Unemployment Rate Falls But Long-Term Unemployed Trends Higher
The national unemployment rate dipped to 9.7% in January after 20,000 nonfarm payroll jobs were lost, according to a Bureau of Labor Statistics report that was released earlier today.
This is the lowest that the unemployment rate has been since August of 2009, but still significantly higher than the 7.6% rate that was posted in January of 2009.
The U-6 unemployment rate, which is a broader measure of labor underutilization in the United States, fell to 16.5%, down from 17.3% the month before.
Many market observers and analysts felt as though the unemployment rate would either stay at 10% or rise slightly to 10.1% in January. I believe that Goldman Sachs, for instance, was looking for a payroll change estimate of -25k with a 10.1% unemployment rate.
Here is a quick breakdown of the numbers:
-unemployment rate fell from 10.0% to 9.7%
-nonfarm payroll employment dropped by 20k
-number of unemployment persons decreased to 14.8 million
-10.0% adult male unemployment rate, 7.9% adult female unemployment rate
-number of persons unemployed due to job loss in December decreased by 378k to 9.3 million
-number of long-term unemployed increased to 6.3 million
-civilian labor force participation rate was little changed at 64.7%
-2.5 million marginally attached people in January, of which 1.1 million were "discouraged workers" (those who are no longer looking for work because they believe that there are no jobs available for them. Note: these people are not included in the "official" unemployment rate)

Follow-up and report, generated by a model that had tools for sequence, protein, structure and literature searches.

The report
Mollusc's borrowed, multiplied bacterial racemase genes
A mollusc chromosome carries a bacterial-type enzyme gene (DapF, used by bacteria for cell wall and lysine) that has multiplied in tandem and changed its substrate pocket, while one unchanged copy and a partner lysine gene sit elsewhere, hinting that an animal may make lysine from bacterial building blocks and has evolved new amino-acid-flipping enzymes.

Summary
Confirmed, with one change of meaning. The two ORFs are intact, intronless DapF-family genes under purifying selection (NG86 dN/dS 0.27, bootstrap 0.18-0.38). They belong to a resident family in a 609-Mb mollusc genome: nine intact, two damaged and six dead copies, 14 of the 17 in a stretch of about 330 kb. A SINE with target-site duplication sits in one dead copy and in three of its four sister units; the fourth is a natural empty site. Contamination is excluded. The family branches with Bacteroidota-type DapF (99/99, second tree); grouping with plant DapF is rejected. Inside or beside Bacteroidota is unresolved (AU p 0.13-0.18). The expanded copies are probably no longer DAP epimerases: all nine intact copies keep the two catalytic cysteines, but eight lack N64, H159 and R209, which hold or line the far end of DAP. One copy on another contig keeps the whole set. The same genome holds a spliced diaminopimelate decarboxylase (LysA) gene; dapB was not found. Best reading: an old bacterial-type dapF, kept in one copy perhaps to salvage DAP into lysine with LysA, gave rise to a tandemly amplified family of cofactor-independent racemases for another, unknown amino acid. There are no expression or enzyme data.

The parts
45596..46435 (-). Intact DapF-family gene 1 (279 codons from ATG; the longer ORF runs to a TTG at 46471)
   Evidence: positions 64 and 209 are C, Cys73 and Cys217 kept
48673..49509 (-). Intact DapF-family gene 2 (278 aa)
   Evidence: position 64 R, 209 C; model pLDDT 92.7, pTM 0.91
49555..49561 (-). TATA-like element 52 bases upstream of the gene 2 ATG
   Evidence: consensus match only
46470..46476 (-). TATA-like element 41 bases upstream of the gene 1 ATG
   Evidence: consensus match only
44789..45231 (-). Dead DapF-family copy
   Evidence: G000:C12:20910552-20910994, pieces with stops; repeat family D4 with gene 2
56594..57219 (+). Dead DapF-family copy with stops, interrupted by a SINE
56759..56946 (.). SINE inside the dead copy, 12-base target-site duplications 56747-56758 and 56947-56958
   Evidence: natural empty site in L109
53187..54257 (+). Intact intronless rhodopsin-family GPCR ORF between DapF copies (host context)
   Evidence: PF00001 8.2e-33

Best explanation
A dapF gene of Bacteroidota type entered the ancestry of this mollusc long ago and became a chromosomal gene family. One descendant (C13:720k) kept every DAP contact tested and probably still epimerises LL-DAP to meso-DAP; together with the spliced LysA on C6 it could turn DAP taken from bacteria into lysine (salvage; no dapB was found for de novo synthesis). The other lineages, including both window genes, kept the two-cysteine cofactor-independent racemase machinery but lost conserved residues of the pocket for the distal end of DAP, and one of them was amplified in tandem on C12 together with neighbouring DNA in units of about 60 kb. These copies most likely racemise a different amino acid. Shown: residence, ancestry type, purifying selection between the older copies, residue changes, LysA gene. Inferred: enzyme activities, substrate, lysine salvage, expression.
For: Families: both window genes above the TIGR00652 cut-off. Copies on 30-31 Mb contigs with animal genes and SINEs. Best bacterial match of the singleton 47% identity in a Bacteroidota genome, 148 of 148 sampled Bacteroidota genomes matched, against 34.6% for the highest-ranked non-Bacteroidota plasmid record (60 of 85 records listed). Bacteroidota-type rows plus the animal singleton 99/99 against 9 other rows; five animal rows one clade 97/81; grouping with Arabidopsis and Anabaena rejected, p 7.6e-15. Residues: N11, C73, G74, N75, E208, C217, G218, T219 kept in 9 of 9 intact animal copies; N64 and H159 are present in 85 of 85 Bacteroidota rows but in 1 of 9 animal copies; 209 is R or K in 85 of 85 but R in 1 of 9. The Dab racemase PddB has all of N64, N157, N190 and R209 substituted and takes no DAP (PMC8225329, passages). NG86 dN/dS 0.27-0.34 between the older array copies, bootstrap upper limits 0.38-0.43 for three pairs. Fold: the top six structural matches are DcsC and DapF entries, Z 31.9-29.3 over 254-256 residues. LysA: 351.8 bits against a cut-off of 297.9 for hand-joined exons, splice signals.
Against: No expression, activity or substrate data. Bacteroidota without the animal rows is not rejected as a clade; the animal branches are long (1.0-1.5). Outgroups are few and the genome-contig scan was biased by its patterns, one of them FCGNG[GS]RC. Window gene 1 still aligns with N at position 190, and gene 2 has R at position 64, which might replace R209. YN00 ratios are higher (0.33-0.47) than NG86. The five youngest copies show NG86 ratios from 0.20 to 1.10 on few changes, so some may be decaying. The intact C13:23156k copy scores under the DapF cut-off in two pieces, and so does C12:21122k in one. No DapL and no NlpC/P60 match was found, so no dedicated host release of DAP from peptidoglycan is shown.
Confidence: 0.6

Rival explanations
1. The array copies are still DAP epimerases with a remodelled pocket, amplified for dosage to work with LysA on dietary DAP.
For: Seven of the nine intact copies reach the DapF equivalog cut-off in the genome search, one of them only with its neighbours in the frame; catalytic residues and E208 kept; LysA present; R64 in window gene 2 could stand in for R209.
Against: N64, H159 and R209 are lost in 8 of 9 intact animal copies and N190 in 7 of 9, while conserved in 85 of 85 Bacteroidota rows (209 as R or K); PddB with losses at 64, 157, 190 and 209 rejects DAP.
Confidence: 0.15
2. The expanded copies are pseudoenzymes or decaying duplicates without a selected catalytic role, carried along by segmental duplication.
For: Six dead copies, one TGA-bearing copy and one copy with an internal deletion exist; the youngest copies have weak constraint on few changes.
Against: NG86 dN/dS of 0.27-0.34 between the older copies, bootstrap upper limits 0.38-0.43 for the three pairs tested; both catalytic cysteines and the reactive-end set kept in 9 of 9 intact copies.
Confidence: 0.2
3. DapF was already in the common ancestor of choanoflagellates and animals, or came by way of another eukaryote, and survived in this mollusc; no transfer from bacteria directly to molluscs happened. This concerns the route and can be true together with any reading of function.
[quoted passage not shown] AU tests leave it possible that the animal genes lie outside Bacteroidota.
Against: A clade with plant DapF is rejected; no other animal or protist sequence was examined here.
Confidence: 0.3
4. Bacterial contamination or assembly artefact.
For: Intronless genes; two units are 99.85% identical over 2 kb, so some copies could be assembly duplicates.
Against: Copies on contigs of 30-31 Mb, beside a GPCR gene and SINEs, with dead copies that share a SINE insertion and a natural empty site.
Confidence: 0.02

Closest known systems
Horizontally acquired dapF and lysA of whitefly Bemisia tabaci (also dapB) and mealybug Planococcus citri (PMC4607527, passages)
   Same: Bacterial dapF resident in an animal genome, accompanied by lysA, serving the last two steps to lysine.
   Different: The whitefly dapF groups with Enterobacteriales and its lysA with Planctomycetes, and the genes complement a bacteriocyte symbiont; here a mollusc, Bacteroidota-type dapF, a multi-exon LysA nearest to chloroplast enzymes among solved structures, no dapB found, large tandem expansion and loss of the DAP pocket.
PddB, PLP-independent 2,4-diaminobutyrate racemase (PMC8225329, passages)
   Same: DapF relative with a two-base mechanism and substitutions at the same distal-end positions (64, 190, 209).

-construction employment, transportation and warehousing employment all fell in January
-manufacturing was little changed
-temporary help and retail trade sectors both gained jobs in January
-health care and the federal government also added jobs
-women made up 49.9% of total nonfarm payroll employment in January
-hourly earnings for people on private nonfarm payrolls rose 0.2% to $22.45
-November nonfarm payroll number was revised from +4,000 to +64,000, while December was revised from -85,000 to -150,000
It should be interesting to see where the national unemployment goes from here in 2010. The CBO (Congressional Budget Office), for instance, believes that the unemployment rate will average 10.1% in 2010, and 9.5% in 2011.
Source: BLS.gov - The Employment Situation -- January 2010
Historical Unemployment Rates
Filed under: General Knowledge